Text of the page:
Pipeline expansion could pump up local economy

expansion of the Trans Mountain oil pipeline could create up to 900 jobs in the Kamloops area

Kinder Morgan

Kinder Morgan

By: Andrea Klassen

Kamloops This Week

An expansion of the Trans Mountain oil pipeline could create up to 900 jobs in the Kamloops area in the summers of 2016 and 2017, according to Kinder Morgan’s president, Ian Anderson.

Anderson, who is travelling across B.C. speaking about the economic benefits of his company’s $5.4-billion pipeline twinning plan, told members of the Kamloops Chamber of Commerce on Friday, Nov. 8 the project will bring major dollars to the city.

The expansion project, if it’s granted federal approval, would add a second pipe to much of the existing Trans Mountain line between the Alberta oil fields and Burnaby.

The extra line would nearly triple the number of barrels of gas, diesel and heavier oil products run through the pipeline daily, from about 300,000 to 890,000.

Kinder Morgan plans to submit an application for review to the National Energy Board in December.

If it’s successful, Anderson said construction on the new line could begin in 2016.

Kinder Morgan seeks expansion go-ahead

The company plans to use Kamloops as a construction hub for the interior portion of the project, Anderson said, and the area is also home to three pump stations needed for the expanded line — each of which costs about $30 million to build.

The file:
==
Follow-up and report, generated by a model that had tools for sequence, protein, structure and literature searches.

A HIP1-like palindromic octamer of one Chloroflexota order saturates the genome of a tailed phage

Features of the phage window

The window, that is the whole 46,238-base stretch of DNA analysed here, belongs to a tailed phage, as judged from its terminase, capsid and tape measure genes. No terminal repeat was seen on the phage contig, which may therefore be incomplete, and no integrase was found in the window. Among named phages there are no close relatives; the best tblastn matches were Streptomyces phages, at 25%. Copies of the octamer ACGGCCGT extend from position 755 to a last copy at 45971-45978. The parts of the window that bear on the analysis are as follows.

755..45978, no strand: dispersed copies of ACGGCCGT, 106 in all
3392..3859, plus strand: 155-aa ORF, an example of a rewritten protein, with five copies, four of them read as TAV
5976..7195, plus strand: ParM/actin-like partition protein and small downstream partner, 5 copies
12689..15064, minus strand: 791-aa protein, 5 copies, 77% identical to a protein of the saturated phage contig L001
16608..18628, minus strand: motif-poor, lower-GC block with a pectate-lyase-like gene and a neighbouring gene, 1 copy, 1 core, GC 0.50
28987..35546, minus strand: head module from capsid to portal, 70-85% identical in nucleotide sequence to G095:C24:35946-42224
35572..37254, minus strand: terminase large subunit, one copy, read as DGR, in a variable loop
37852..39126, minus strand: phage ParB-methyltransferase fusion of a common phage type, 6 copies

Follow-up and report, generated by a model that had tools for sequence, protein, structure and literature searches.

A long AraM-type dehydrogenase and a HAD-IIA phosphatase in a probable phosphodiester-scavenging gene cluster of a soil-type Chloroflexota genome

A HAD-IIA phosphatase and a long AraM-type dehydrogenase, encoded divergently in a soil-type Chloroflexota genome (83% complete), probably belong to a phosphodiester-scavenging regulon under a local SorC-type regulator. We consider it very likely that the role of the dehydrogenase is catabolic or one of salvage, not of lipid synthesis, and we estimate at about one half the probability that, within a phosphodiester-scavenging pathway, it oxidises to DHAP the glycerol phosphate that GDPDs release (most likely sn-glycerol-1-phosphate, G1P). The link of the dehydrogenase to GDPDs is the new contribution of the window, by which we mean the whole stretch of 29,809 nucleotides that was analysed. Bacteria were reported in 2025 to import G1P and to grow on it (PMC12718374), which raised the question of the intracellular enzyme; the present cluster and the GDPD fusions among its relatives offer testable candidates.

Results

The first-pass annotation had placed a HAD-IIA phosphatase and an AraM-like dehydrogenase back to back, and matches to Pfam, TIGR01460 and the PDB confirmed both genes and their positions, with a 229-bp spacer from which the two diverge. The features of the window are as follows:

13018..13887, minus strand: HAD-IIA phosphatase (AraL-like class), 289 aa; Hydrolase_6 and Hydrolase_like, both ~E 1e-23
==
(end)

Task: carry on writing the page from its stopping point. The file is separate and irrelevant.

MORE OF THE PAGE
While most of the jobs in the area would last no more than the two-year length of the construction phase, with peak employment each summer, Anderson said about one-quarter of the 50 permanent jobs created by the expansion would likely come to Kamloops.

During the construction phase, Anderson said Kinder Morgan will spend approximately $43 million on workers in the Kamloops area.

Based on the company’s experiences in the Jasper and Valemount area, where it upgraded the line in 2008, Anderson said that could translate into about $16 million more spent on rent in the city and another $9 million on meals.

But, he said, the city’s existing workforce can’t support the pipeline’s demands.

While the company is in talks with Thompson Rivers University to expand its trade programs, Anderson said as much as $39 million of Kinder Morgan’s local labour budget will have to go to people who don’t live in the city now.

Local workers will still play an important role in the project, he said, because other pipeline construction projects, such as Enbridge’s Northern Gateway line or the Keystone XL, will be competing for the same pool of outside labour.

“The competition for labour over the next five years is going to be intense,” Anderson said.

“So, we’ve got to be the best at harvesting and interesting and getting the local labour forces marshalled around us.”

Construction costs are also expected to be substantial, including around $5 million for gravel and sand and $600,000 just for road signs cautioning drivers about the project. Anderson said the company is committed to sourcing locally, as well as working with First Nations companies whenever possible.

Long term, Anderson said the project will bring in more than a million dollar of extra property taxes for the city of Kamloops.

Once Kinder Morgan files an application for review on its expansion, the National Energy Board is expected to take 15 to 18 months to make a decision on the project.

Anderson said he expects to know if the company is successful by the second quarter of 2015.


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